Film: The Tourist

September 25, 2022

On paper, there are plenty of reasons for The Tourist (2010) to be a good film: attractive leads, a solid spy thriller premise, gorgeous location cinematography, and, most importantly, the direction of Florian Henckel von Donnersmarck, whose debut film The Lives of Others is among the best spy films ever made. Bafflingly, though, this one is tonally awkward, lifeless, and empty.

The adventure begins in Paris, where a beautiful woman, Elise Ward (Angelina Jolie), is under surveillance by an Interpol task force headed by Scotland Yard inspector John Acheson (Paul Bettany). Turns out Elise is connected to a wily international criminal named Alexander Pearce, who notoriously ripped off an obscenely wealthy gangster – and, in the process, bilked the British government out of hundreds of millions of pounds in taxes. Acheson is convinced Elise is the key to finding Pearce, and sure enough, the hunt is on when she receives a mysterious note from Pearce instructing her to catch a train, identify some poor sap of similar height and build, and convince the police that this random person is Alexander Pearce. The mark ends up being midwestern math teacher Frank Tupelo (Johnny Depp), a widower on vacation. Elise brusquely seduces him into her Venice hotel just long enough to convince both Acheson and the gangster looking for Pearce, Reginald Shaw (Steven Berkoff), that poor Frank is their target. The gambit works so well, though, that Elise relents; having taken a shine to Frank, she labors to help him, even though she’s purportedly still in love with Pearce. Their subsequent adventures across Venice are filled with peril and romance.

Well…sort of. You have to hand it to The Tourist, it looks gorgeous. The sweeping vistas of Venice make for a glorious backdrop, and they’re filmed with a keen eye. Initially, there’s a promising wrong-man thriller premise, remiscent of North by Northwest: a femme fatale involves a charming, out-of-his-depth amateur in a web of intrigue and jeopardy. But quickly it becomes clear something is off, the film’s intentions hopelessly muddled. In overall affect, The Tourist presents like a serious spy thriller, but other minor elements – the ineptitude of the Interpol surveillance, certain flirty moments of dialogue – suggest comedic aims. Is this movie supposed to be funny or not? Alas, either way it’s unsuccessful, with a convoluted plot that takes itself seriously enough that you don’t want it to be what it really is: a chain reaction of and absurd coincidence, hinging on withheld information.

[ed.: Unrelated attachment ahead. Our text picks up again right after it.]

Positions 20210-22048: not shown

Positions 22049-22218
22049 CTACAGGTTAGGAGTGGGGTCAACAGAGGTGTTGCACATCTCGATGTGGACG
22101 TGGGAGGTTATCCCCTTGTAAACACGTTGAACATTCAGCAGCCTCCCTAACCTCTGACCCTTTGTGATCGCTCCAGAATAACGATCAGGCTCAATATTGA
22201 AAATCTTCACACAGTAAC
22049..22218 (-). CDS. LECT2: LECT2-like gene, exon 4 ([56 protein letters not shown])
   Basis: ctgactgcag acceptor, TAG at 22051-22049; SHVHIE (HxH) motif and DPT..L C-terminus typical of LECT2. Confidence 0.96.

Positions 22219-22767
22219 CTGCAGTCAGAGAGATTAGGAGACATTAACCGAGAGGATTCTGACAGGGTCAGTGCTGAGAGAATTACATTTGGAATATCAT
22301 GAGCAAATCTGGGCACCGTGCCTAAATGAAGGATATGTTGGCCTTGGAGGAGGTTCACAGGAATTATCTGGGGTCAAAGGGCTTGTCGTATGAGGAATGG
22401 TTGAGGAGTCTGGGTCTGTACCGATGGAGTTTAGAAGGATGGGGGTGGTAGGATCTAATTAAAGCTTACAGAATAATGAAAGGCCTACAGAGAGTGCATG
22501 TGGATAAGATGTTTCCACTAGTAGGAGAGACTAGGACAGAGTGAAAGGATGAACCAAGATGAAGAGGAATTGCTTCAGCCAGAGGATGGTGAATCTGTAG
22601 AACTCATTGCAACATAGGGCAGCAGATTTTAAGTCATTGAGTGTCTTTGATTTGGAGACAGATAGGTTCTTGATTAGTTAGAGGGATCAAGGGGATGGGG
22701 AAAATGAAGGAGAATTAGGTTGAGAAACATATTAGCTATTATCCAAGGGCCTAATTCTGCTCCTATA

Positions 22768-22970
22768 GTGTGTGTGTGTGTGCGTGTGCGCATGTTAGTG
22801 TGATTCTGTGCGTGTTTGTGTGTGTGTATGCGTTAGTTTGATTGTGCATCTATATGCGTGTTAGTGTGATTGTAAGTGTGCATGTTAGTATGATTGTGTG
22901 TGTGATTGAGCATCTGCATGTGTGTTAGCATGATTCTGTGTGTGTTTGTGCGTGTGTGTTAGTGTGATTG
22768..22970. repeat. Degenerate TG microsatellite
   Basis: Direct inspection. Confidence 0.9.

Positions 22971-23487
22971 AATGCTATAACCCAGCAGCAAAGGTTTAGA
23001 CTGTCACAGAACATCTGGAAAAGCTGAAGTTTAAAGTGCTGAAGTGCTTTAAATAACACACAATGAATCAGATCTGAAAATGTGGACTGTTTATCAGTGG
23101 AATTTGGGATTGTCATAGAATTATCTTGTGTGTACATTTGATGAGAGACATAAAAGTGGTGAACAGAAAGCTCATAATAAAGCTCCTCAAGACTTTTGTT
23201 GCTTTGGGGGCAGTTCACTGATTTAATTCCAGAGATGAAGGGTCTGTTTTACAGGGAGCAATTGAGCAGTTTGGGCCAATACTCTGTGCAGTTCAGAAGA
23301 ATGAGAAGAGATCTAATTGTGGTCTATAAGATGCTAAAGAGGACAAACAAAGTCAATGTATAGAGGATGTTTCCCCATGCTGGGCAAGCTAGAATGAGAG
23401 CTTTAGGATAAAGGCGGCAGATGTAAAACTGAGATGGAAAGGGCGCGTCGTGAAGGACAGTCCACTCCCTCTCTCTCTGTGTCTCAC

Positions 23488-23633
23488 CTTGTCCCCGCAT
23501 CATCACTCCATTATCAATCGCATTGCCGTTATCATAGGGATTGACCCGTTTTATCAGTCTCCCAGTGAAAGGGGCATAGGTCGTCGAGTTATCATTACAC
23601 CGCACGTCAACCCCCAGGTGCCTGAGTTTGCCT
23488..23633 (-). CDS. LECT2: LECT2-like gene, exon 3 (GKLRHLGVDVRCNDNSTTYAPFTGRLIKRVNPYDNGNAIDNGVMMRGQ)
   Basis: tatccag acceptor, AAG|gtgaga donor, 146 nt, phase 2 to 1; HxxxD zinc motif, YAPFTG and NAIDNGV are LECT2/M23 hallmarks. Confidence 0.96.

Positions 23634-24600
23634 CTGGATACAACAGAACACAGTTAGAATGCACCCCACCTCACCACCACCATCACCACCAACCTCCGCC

Even when you set aside plot, one can sometimes enjoy an enterprise like this as a vehicle for performance, but Depp and Jolie generate no romantic sparks, and they’re hollow protagonists. Jolie is plastic and egregiously movie-starry; the film really wants you to notice how beautiful she is, but gives you no real reason to like her otherwise. Depp is similarly inscrutable, even if there’s slightly more personality to his panicky professor. Romantic chemistry and comic verve might have made their interactions worth watching, but neither are present, and their declarations of love ring false. In the end, nobody comes off well, with the possible exception of Bettany, whose inspector may be the only sympathetic character – and, of course, is therefore the butt of the film’s jokes. (Like many a wish-fulfillment spy fantasy, the upshot is that dashing, selfish cheats can get away with anything; law-abiding, hard-working schmoes, meanwhile, can suck it.)

At times, I’ve noticed that filmmakers directing in a second language can create peculiar work – not necessarily bad, but just kind of off. I wonder if that’s what happened to The Tourist, which thinks it’s being a charming romantic comedy, but presents like a serious spy puzzler. Ultimately it doesn’t work either way, shiny surfaces concealing nothing underneath.